Easy I thought and went to testing it. But it did not work. There was simply no authentication happening. Only when debugging through the code I realized the CXF-BC component did not delegate these credentials to JAAS for authentication! So there was no authentication possible in CXF-BC! I raised a bug report and took a deep breath...
The good news is that by now this bug got resolved and things work as expected. However you need a very recent version of ServiceMix to have this fix included. Now if a client sends a WS-Security header containing username and password, these will be authenticated correctly by JAAS inside ServiceMix.
Still at the time of discovering the bug I had to get things working for the customer and got to know that the HTTB-BC component supports username/password based authentication. So I started to replace my CXF-BC consumer with a HTTP-BC consumer. And this is where the real pain started.
The configuration again is straight forward and does not look much different from the CXF-BC consumer configuration. However, for authentication to work in HTTP-BC, I must set soap="true" in my bc consumer config:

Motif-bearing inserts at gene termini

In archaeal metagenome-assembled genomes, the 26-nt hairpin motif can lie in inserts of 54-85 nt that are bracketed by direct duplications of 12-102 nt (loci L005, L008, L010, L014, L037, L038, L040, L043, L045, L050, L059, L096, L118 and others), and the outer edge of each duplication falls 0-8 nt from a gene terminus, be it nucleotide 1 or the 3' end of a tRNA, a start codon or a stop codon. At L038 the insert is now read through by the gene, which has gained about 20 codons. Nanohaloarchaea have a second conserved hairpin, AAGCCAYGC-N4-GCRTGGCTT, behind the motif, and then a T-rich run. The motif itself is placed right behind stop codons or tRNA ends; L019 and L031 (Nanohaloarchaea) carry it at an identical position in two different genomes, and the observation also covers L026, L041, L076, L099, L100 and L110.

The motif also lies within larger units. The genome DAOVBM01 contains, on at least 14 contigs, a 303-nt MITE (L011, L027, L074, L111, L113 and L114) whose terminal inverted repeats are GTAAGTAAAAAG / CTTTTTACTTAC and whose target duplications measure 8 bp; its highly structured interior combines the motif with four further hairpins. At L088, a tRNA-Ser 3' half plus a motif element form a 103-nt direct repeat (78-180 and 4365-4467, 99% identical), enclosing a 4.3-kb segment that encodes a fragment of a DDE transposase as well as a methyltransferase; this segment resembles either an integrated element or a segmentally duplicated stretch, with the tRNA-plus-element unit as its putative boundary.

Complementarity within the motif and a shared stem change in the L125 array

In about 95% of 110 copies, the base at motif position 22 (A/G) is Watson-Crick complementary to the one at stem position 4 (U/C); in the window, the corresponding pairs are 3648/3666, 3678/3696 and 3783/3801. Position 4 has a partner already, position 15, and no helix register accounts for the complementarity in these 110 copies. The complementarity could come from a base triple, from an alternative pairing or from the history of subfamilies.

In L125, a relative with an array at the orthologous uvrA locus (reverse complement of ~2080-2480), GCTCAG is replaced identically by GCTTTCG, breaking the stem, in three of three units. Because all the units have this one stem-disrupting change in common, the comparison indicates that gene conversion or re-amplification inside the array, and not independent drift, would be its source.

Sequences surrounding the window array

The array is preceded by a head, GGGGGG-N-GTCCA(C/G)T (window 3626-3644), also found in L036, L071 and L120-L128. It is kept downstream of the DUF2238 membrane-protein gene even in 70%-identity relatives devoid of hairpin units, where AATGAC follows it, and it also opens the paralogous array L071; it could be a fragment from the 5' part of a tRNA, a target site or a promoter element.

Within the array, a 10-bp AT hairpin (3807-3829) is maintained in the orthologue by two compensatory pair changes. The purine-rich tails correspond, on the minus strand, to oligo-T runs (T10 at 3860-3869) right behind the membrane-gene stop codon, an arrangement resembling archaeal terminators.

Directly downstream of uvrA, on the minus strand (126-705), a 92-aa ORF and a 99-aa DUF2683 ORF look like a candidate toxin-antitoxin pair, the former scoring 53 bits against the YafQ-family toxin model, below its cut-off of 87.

<beans xmlns:http="http://servicemix.apache.org/http/1.0"
<http:endpoint service="greeter:SOAPServiceWSSecurityHTTP"
<soap:ws-addressing />
<soap:ws-security receiveAction="UsernameToken" keystore="default" />

This is because the WSSecurityHandler that is called by the HTTP-BC consumer expects a DOM representation of the SOAP header, which won't get created unless soap="true" is set. With that I got the HTTP-BC component to authenticate the client, but the request failed to be un-marshaled by the CXF-SE runtime. Setting soap="true" in my http consumer had the side effect of stripping off the SOAP header from the request before sending it on to the next component inside ServiceMix. The CXF-SE runtime however requires a valid SOAP request, which it now did not get. Aargh...

So what to do with this dilemma? The easiest option I could think of was to insert a Camel component between the HTTP-BC consumer and the CXF-SE service that adds a default SOAP envelope to the In message using xslt transformation and removes the SOAP envelope from the Out message produced by the CXF-SE component again (as the http-bc component will add an envelope when soap="true" is set.) Not an ideal solution and rather a hack than a proper workaround. Another option would have been to use a custom CXF interceptor that takes care of adding/stripping the SOAP envelope but I felt a Camel XSLT component will be simpler to use.